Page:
Open Source and Space

Linux landed on Mars

Published on: 24/02/2021

The drone helicopter Ingenuity, landed on Mars on February 18, represents a success for the Open Source community, as it runs on a Linux operating system and is based on an Open Source Software framework, called F’ (“F Prime”).

February 18 will be remembered as a historical date. For the first time, Mars is hosting the drone helicopter “Ingenuity” on its ground, as a result of the Mars Helicopter mission run by NASA's Jet Propulsion Laboratory (JPL). The mission is a technology demonstration included in the broader NASA mission Mars 2020, whose main goal is to seek signs of ancient life and collect samples of rock and regolith through the rover “Perseverance”.


As stated by Tim Canham, Mars Helicopter Operations Lead at NASA’s JPL, this mission can be addressed as “an open-source victory, because we are flying an open-source operating system and an open-source flight software framework and flying commercial parts”.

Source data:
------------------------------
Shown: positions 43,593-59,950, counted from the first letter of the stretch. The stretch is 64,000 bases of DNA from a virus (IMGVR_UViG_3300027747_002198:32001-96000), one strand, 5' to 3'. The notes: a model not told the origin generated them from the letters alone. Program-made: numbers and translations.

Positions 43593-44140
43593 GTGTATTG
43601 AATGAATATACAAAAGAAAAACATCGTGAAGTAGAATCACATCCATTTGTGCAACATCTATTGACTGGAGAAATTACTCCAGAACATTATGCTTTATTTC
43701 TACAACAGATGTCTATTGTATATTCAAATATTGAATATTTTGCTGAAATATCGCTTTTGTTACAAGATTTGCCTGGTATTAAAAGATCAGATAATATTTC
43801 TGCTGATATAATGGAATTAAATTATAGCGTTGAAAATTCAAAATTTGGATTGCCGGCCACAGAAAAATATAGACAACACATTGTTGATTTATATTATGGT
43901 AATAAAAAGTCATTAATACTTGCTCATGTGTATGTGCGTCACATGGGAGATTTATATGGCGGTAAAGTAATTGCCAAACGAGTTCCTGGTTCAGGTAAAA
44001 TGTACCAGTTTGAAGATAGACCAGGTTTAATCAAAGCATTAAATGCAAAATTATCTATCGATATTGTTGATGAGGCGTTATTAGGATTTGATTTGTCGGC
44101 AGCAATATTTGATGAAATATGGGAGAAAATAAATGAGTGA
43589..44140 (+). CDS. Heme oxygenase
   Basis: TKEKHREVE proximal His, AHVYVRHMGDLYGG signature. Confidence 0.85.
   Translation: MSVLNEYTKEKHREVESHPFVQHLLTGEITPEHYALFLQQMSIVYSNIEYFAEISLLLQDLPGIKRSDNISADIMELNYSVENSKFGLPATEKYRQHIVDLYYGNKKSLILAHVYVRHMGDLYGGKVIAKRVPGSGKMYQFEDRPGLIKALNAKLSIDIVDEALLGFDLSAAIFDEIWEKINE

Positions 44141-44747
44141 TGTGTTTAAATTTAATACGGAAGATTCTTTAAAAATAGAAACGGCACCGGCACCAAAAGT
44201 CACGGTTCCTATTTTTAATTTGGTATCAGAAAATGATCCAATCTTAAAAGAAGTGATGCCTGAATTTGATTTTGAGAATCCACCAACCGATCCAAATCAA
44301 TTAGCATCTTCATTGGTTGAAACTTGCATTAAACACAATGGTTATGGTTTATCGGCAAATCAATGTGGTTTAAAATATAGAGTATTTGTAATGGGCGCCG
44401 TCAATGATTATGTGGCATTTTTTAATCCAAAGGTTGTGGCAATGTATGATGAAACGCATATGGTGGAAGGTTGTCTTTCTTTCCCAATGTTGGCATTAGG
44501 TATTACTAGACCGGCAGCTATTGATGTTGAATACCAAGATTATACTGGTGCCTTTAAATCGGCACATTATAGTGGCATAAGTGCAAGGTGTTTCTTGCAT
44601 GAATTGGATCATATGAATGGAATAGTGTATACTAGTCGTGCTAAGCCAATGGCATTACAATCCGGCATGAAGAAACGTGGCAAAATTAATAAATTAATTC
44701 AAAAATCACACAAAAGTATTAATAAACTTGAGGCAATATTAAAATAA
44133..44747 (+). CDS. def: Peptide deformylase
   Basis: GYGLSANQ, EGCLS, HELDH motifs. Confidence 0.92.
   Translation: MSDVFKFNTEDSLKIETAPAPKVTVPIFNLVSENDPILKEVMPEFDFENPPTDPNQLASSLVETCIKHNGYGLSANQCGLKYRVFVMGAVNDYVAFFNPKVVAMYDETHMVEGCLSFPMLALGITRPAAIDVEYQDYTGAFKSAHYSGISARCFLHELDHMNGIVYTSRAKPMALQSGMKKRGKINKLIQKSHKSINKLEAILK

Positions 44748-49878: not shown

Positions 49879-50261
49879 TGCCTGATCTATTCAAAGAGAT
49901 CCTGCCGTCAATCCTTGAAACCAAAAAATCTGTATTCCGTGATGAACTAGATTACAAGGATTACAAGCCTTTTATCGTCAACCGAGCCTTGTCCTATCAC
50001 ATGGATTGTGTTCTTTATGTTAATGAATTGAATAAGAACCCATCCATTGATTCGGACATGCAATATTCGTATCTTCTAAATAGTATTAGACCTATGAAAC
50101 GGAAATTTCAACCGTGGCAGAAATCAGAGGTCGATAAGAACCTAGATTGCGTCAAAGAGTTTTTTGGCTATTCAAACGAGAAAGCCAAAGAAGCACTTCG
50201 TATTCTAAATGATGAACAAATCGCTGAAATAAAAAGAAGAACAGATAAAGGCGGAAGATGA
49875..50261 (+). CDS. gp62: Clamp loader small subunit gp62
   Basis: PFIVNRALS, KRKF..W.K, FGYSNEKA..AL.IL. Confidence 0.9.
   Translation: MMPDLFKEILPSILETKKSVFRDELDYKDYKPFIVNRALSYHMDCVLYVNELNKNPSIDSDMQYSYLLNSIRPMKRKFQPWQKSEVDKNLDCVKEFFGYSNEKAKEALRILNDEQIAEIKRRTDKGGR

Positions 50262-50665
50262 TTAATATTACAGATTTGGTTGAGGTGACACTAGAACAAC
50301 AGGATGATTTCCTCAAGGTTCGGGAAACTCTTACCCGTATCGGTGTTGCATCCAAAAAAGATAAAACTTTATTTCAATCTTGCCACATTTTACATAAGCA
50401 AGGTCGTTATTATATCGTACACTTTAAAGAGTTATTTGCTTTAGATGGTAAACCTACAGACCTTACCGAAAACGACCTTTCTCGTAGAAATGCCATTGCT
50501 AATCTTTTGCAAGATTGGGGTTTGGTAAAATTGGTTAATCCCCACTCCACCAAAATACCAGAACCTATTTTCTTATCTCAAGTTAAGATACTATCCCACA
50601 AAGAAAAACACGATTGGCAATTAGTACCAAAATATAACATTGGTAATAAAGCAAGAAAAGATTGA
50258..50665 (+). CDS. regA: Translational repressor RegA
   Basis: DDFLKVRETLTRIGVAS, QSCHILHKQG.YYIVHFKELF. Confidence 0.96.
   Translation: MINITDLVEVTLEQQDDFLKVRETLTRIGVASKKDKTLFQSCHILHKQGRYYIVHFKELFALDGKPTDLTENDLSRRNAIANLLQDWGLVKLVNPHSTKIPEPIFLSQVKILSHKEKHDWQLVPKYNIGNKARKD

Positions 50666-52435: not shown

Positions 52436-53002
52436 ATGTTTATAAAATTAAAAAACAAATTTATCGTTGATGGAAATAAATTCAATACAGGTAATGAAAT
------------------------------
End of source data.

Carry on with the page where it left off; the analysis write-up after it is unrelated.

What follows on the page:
In fact, the helicopter works on a Linux operating system. Also, it runs on an OS software framework for small-scale flight software systems called F’ (“F Prime”), developed and open-sourced by JPL.  Finally, it is built using commercial off-the-shelf hardware, which are OS too.

This is a remarkable result for the OS community. First of all, Mars Helicopter is not the only case where NASA open-sourced this software framework. The agency has made extensive use of F’ for other flight projects and research initiatives, such as ISS RapidScat, ASTERIA, Lunar Flashlight and Near Earth Asteroid (NEA) Scout. Additionally, considering the fact that NASA invested about $85 million of public money (as it relies on the US Congress for its funding) to build and operate Ingenuity, it clearly showed the increasing interest that government agencies nurture for OS software and hardware.

So far, Mars Helicopter has proven successful. Hitched to Perseverance since July 30 2020, the helicopter is now ready to uncouple and start flying on its own. As the first aircraft ever launched to Mars, any additional activity it will perform (from taking off and flying to shooting pictures of the surroundings) will be considered as an exceptional achievement for NASA.